Many of your professors will tell you that Law in a noble profession, which is a very true statement. However, no one tells you this piece of truth: the day-to-day life of a law student does not feel noble. No one gets enough sleep, everyone is struggling to stay mentally and physically healthy, and not a single person misses the stress of the financial struggle.
There will be tears and there will be suffering.
Luckily, there is also a shining beacon in the world of law school: the study carrel. At the University of Idaho, every student is guaranteed a spot in a carrel within the law building. As a 1L, you usually have to share with one other person, but after that year you get to have your own personal space. Law students spend so much time in their little cubbies, that it is hard not to get sentimental about them.
The carrel is first and foremost a place for quiet study. Your own little area in which you can spread your books, laptop and binders out and get some serious studying done. I personally spend at least 3 hours a day at my carrel, and I probably average around 5. I get a lot done in my little space, and it is nice to be able to come straight from class and get some work done before my brain gives out or I loose focus. If I didn’t have a carrel, I would probably end up going home and not getting any homework done.
Secondly, your carrel is your personal space. My carrel is my dining table, my meditation corner, and in very desperate circumstances, my bed. I can’t count how many times I have sat at my carrel and eaten yogurt or soup while I read for my next class. After hour 4 or 5 at school, I routinely use my carrel as my space to do some focus exercises and neck stretches to keep those reading muscles loose. Up on my fabric walls are all the things that keep me going: Funny comic strips that remind me not to take myself too seriously, cards from loved ones with inspiring words in them, a picture of my 18-month old nephew (SO CUTE!), and a letter confirming my acceptance of a summer job offer which reminds me to keep working hard.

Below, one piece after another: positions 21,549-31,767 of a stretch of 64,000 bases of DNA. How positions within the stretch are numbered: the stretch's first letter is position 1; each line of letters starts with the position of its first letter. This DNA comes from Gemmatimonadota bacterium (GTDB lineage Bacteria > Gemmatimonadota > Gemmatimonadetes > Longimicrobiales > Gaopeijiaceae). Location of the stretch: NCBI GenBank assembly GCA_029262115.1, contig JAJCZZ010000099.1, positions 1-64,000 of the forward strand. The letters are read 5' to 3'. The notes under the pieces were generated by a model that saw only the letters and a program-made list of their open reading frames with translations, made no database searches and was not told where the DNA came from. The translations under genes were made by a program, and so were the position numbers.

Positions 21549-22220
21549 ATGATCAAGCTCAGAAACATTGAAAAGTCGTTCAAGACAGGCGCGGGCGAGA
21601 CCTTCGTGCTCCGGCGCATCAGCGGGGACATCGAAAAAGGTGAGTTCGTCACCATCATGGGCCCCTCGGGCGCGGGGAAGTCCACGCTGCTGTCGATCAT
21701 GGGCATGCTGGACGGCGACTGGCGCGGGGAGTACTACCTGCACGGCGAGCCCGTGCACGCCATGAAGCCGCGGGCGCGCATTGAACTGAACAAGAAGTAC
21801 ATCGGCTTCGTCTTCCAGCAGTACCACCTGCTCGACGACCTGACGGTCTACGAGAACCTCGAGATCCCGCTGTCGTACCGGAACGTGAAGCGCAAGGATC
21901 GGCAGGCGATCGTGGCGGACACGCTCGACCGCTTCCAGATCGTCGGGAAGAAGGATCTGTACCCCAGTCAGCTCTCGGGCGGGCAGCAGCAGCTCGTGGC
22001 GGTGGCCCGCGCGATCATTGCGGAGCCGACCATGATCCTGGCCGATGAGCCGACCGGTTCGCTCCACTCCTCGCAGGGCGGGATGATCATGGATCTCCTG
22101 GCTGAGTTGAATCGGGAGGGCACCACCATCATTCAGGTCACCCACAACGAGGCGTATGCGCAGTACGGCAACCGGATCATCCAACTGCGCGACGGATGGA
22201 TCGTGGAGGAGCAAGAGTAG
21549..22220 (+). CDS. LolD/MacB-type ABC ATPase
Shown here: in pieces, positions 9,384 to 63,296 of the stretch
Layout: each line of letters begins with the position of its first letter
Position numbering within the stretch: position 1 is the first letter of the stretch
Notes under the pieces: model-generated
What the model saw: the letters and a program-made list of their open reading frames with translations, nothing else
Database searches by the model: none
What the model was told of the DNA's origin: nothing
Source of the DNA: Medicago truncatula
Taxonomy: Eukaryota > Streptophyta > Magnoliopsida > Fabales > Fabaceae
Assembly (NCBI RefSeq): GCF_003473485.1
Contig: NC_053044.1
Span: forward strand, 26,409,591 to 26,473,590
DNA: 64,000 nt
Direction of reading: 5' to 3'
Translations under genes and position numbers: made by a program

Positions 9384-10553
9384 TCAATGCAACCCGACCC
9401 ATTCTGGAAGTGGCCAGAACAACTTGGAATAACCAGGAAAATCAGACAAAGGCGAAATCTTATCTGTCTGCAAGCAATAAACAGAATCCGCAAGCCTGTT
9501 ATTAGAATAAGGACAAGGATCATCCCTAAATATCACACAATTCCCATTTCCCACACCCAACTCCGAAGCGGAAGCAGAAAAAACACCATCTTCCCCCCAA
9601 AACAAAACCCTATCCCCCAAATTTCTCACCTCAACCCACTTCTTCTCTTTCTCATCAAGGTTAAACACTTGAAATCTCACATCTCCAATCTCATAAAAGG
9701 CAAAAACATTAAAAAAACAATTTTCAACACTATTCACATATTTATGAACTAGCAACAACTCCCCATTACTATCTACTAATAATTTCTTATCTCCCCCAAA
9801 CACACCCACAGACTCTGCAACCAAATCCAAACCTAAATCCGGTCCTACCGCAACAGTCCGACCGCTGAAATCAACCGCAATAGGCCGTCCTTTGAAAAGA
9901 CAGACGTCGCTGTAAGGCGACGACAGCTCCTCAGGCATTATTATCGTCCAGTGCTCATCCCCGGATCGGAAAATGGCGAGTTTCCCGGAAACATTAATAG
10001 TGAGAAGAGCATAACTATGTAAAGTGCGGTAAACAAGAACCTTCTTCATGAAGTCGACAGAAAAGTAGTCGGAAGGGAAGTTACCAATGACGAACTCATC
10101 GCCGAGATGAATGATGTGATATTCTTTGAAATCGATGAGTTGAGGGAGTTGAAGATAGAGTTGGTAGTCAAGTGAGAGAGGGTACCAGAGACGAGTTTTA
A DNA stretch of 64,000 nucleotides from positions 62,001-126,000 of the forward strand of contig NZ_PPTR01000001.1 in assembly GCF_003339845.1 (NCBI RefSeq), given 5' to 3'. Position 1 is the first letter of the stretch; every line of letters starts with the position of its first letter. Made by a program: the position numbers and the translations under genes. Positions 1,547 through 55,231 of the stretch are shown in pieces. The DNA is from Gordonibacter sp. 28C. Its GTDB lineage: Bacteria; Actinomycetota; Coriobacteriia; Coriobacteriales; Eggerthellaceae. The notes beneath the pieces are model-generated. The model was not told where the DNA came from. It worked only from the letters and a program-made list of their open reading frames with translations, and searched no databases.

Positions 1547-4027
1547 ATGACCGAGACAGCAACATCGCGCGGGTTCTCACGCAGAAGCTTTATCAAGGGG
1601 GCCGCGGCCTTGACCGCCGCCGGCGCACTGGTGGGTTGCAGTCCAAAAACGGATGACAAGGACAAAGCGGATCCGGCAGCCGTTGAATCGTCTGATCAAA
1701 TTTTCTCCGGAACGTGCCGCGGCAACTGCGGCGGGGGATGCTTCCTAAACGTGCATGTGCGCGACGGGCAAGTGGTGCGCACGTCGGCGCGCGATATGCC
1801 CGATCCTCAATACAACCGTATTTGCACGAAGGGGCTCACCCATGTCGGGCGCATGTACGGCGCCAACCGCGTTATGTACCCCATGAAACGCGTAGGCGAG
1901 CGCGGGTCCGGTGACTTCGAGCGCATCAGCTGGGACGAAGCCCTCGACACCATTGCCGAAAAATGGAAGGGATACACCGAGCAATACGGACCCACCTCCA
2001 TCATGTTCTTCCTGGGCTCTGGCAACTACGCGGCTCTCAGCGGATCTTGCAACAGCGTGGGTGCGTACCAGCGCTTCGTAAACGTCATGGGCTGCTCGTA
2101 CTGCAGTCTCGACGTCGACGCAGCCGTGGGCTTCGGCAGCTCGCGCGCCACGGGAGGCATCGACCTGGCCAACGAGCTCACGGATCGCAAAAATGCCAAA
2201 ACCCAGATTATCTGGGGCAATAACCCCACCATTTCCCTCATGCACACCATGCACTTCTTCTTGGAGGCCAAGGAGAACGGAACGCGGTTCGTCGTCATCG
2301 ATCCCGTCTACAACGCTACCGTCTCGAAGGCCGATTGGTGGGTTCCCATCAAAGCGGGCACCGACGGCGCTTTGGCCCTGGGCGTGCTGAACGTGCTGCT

When I am starting to feel stressed, upset, or down on myself, I just have to lift my head to remind myself that this spot is mine. My carrel is my golden ticket, proof that I am right where I am supposed to be. By being able to make my own little corner at the law building, I am able to keep my sanity.
Additionally, I have made use of my carrel for quick naps to keep me going through the day. In fact, my friend and I have perfected the best nap set-up: Yoga mat on the floor under the carrel, sweater for pillow, ear buds in, and feet propped up on the chair. Even with the limited space available, any law student at UI has enough room to get at least one REM cycle in if need be. There is a definite sense of belonging that comes with a carrel. I know that I am not the first person to eat a meal on this desk, shed a tear in the building, or catch some Zs on this patch of carpet—and I won’t be the last either. You don’t just develop kinship with the students your particular class, but with every Idaho law student before and after you through the shared experience of the carrel.
Lastly, your personal carrel is your spot in the law building community. After a particularly rough class, I know that I can commiserate with my carrel pod members (aka “Carrel Buddies”) to make sure I am on the same page as everyone else. It also means I am just a chair-wheeling-push away from someone who can help me with homework or have lunch with. Law school is so time consuming and tiring, I rarely have time for traditional socializing. Therefore, most of my interactions with other humans happen in whispered tones inside the law library. Honestly, I wouldn’t have it any other way. I love my carrel buddies, and we all keep each other sane.
I was shocked to learn that carrels are not an ABA requirement for law schools. I can’t imagine having to take my 40 pounds of books home everyday. I also have no idea how I would get all my homework done if I didn’t have a spot on campus to study in between classes. And not just a spot to study, but also an area that is easily individualized, and facilitates friendship. I don’t have any statistics on a correlation between law school retention and carrel assignments—but I am certain that it exists. I am very thankful that I go to this school, where the faculty and staff create an environment for success.